College education takes all sorts of shapes these days, as students more often choose nontraditional routes to a degree. Many people of different ages, backgrounds, and career goals are now looking to online education programs. Here's why one person chose an online degree.
The name on Meredith Hart's LinkedIn profile proudly reads, "Meredith Hart, MBA." The degree that she includes next to her name was earned online, as she worked days that sometimes lasted until 10 p.m. at a local ad agency in Myrtle Beach, S.C. She first earned a bachelor's degree in public relations from University of South Carolina, and then tried a few internships and jobs. In these positions, Hart began to realize that she could benefit from more education in marketing.
Hart sought out an online business degree. That degree she earned is partly responsible for getting her the job and title that sits directly below "Meredith Hart, MBA" on her LinkedIn profile: "Tourism Marketing Director at Georgetown [S.C.] County Chamber of Commerce," where she has worked since December 2011.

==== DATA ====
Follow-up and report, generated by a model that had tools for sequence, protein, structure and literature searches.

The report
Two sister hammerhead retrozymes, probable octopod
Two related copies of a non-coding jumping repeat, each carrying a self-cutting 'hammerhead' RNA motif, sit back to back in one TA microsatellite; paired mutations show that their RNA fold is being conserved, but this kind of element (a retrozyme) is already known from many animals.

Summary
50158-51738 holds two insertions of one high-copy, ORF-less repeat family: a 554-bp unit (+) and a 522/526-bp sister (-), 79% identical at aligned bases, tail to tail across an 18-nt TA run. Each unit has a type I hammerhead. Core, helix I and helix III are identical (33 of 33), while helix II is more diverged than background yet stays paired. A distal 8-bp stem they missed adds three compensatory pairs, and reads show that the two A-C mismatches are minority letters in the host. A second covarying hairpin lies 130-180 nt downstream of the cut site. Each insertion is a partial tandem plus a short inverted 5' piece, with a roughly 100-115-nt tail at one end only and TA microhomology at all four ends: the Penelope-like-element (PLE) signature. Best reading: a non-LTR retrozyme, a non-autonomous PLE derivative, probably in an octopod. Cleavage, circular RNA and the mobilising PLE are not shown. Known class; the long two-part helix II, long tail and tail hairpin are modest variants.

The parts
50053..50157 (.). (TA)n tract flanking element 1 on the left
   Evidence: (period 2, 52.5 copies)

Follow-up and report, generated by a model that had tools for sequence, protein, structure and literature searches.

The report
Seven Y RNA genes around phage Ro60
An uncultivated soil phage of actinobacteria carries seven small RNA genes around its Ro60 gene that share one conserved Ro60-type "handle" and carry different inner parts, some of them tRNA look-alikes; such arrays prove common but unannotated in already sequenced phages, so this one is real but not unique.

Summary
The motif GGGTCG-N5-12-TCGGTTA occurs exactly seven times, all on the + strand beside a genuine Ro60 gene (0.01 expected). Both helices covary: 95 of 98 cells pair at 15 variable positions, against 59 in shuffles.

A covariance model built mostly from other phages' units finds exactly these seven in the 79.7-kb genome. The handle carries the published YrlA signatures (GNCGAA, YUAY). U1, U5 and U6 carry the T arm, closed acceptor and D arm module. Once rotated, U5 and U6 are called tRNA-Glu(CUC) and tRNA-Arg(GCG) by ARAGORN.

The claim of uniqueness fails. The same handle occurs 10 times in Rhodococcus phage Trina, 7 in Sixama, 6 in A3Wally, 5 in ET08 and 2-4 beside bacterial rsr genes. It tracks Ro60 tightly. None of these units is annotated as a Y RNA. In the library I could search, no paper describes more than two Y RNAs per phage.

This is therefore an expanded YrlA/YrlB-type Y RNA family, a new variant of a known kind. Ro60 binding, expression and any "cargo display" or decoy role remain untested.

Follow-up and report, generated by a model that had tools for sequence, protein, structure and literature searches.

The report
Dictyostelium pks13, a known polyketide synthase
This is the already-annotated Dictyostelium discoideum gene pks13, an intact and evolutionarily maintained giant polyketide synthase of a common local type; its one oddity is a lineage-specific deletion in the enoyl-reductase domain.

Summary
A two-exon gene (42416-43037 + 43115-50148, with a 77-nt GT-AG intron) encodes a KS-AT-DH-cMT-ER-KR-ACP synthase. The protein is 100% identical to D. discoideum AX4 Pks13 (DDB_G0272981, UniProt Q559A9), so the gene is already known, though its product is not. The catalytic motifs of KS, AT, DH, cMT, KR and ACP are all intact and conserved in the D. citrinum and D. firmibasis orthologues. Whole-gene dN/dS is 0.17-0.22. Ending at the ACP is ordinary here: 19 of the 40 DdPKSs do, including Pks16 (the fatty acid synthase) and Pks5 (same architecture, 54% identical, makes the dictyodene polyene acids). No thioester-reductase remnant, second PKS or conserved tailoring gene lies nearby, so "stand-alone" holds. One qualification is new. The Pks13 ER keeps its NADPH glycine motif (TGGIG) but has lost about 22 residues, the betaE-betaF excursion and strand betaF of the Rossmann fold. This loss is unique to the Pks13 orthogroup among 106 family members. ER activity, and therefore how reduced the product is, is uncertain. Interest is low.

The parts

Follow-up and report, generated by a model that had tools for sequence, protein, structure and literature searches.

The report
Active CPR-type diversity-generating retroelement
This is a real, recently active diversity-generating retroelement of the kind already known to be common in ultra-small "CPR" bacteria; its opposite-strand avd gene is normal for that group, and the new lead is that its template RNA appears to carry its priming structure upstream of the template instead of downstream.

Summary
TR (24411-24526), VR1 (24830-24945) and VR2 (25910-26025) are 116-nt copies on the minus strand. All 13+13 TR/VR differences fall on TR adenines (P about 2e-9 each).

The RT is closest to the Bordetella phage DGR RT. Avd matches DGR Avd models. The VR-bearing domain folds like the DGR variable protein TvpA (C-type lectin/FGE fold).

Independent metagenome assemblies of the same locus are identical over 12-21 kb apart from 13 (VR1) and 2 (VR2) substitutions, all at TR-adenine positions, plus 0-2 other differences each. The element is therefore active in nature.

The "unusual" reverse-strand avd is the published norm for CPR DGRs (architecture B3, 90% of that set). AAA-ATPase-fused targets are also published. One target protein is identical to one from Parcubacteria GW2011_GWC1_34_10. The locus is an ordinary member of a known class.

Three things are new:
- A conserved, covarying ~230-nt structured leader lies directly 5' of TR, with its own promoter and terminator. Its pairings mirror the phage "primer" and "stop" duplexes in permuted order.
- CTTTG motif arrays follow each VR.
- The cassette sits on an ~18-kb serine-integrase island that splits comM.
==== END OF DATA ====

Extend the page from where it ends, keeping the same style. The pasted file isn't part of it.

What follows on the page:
Online program: Walden University
Degree pursued and graduation year: M.B.A., February 2010
Why an online degree: Hart says she had always wanted to get her master's degree, but she also knew that she couldn't stop working long hours at the local ad agency to take classes. She felt an online program, through which she could take courses on her own time, seemed to fit best with her work days. Also, Hart says, it was the right time in her life to go back to school. "I felt like, because I wasn't married yet or had any children, I could go ahead and do it, and it would work with my schedule."
Degree impact: "I think it's opened up more opportunities, career-wise," Hart says. "Where I'm at now, I don't know that I would be there if I hadn't earned that degree," she says of her current job and how she thinks the M.B.A. helped secure it. Without her M.B.A., Hart says, "I think I would have been qualified, but I don't think I would have stood out as much. I wouldn't be as prepared."
Biggest challenge of earning an online degree: "You don't get a lot of sleep," Hart says, who logged into her classes on lunch breaks, and then often worked late at night after she returned home from her advertising job.
Advice for future online students: Hart says that online students must be self-starters and experts of time management who can take it upon themselves to schedule times to complete assignments. "It's also a good idea to set up an area in your house that you can go to get away from everything," she says. " [It's] kind of like your own classroom."
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